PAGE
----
At the end of the week, we all felt recharged and had a great time. The beach house that we stayed in was great for a family week at the beach and was actually cheaper than staying in a hotel. If you are headed to Panama City Beach, Florida and you are looking for a recommendation of where to stay, look no further. The beach house that we stayed in not only had a great kitchen, but it even had an icemaker in the wet bar. This meant that I did not have to run out for ice everyday before walking out the backdoor to the beach, which was awesome. Here is the link to the Beachfront Oasis.

An Open Letter from a Veteran Regarding the Challenges faced by the VA

My friend, George Turek, is a true American patriot and former Naval aviator. George ran a full page ad in the Wall Street Journal called “An Open Letter from a Veteran” where he addresses his solutions  for immediate measures that he thinks would serve our Country’s veterans. I strongly agree with George’s letter and with his permission, I am posting the full text of the letter for you to read. If you agree with this article, I would ask that you do three things – Write your Congressman, Share it to your Social Media Pages and also Follow George on Twitter and Facebook.

GCT Letter

The following was written By George Turek

An Open Letter from a Veteran to:

Senator Bernie Sanders

Senator John McCain

Congressman Kevin Brady

Senator Dean Heller

Senator Richard Burr

Congressman Jeff Miller

Senator Bob Casey

Senator Jerry Moran

Senator John Cornyn

Senator Harry Reid

Congressman John Culberson

Senator Jon Tester

Senator Martin Heinrich

Senator David Vitter


Two serious problems presently confront the VA:

Problem # 1: Veterans are waiting too long to receive treatment appointments at VA Hospitals.

Problem # 2: Veterans are waiting too long to receive Compensation and Pension (“C&P”) benefits. There continues to be a significant backlog of Medical Disability Examinations (“MDEs”) which are crucial to the C&P process.

Both of these problems can, at least partially if not fully, be resolved simply.

Approximately 2,000,000 C&P MDEs are conducted each year on Veterans as part of the C&P benefits process. Some 1,600,000 of these MDEs are conducted in VA hospitals by VA medical providers. The remaining 400,000 MDEs are referred to outside private contractors. The VA has been outsourcing “overflow” MDEs since 1998. The outsourcing of MDEs has proven to be a huge success, for both our Veterans and the VA.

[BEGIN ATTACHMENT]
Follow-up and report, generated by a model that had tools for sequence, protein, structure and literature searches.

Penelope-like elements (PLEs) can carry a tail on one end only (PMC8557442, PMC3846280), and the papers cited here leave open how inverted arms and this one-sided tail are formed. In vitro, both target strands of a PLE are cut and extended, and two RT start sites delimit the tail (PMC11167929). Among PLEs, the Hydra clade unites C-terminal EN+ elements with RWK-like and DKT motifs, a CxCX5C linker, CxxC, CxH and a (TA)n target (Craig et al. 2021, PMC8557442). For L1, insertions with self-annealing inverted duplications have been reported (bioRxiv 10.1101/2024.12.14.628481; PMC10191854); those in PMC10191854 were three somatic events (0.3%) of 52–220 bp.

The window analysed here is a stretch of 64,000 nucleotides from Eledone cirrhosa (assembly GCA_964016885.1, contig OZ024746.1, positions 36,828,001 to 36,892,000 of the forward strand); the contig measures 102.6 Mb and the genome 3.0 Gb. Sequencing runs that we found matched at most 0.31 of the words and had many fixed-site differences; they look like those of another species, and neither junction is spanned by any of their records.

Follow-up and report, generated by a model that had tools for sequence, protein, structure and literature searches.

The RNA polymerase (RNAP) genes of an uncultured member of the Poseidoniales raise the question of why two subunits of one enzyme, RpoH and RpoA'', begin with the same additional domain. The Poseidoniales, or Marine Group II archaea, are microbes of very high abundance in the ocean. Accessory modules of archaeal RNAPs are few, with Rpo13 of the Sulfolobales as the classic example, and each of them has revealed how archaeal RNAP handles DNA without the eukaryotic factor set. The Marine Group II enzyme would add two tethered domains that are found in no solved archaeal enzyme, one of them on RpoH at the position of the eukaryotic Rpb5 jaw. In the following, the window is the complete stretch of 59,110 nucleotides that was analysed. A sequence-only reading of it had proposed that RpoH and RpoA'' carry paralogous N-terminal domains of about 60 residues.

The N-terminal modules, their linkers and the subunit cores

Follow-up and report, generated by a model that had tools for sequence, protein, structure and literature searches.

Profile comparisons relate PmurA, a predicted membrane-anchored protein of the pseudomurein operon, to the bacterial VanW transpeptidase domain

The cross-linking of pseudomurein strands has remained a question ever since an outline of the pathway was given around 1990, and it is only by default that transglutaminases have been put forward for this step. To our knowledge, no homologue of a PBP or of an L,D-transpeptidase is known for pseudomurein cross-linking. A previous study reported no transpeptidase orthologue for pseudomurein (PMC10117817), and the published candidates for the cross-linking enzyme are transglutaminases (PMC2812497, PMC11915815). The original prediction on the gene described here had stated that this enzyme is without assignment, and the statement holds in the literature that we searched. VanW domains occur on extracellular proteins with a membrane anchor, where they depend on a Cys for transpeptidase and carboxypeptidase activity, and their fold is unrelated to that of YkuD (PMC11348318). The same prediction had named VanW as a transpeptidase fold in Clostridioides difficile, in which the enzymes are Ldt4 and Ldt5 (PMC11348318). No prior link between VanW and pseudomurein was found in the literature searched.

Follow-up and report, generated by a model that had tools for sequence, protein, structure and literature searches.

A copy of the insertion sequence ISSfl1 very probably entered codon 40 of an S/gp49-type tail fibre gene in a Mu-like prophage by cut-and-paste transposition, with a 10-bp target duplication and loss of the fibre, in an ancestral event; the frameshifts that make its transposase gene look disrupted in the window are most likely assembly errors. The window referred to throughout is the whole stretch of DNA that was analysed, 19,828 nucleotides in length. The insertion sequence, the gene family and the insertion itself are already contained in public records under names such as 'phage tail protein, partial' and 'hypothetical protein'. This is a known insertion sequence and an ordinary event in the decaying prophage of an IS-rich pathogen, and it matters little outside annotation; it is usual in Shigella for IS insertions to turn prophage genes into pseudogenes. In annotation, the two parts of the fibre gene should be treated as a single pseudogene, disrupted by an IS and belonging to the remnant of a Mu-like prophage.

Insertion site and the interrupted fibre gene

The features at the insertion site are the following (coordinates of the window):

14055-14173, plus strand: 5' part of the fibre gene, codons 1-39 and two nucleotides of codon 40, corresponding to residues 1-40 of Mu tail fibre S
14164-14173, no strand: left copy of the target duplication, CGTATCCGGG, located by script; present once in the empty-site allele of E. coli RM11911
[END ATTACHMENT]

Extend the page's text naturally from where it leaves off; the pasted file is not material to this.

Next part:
The VA medical providers who perform the 1,600,000 MDEs at VA hospitals are the same medical providers responsible for providing treatment to Veterans at VA hospitals. MDEs are extremely time consuming and take valuable time away from VA medical providers, time which they could be using to provide medical treatment to Veterans. Annually, the time these medical providers spend performing MDEs easily totals in the millions of hours.

Solution: Outsource all Compensation & Pension Medical Disability Examinations.

By outsourcing all C&P MDEs to private contractors, VA medical providers would be able to devote 100% of their valuable time to providing much needed medical treatment to Veterans. Outsourcing of MDEs has been extremely successful, and private contractors have the necessary staff and trained and experienced medical providers to quickly reduce the huge backlog of these cases. Outsourcing all MDEs would solve both problems: it would reduce the long wait time for our Veterans to receive appointments for medical treatment at VA hospitals by allowing VA medical providers to focus exclusively on providing medical treatment to our Veterans and it would facilitate the timely delivery of C&P benefits to our Veterans by significantly reducing the backlog of MDE cases.

The legislation being discussed by Senators Sanders and McCain is commendable and a step in the right direction, but would do little to immediately address either problem. Building 26 new medical facilities in 18 states will take years, which is time we cannot afford given the critical nature of these problems. Spending another $500 million to hire and train more medical providers would also be a lengthy process. Although well intended, the proposed legislation does not provide the services our Veterans need today. Our Veterans deserve timely medical treatment and benefits right now, without delay.

The solution outlined above provides an immediate win-win for both our Veterans and the VA. Let’s not delay any further in providing our Veterans timely access to the medical treatment and benefits they so justly deserve. Thank you for listening.


Screenshot 2014-06-10 12.04.54


Follow George on Facebook

Follow George on Twitter



Navy SEAL Foundation fundraiser Danny Dietz Memorial Team Roping

Navy SEAL Lt. Jason Redman signing his book "The Trident: the Forging and Reforging of a Navy SEAL Leader"


By David Morefield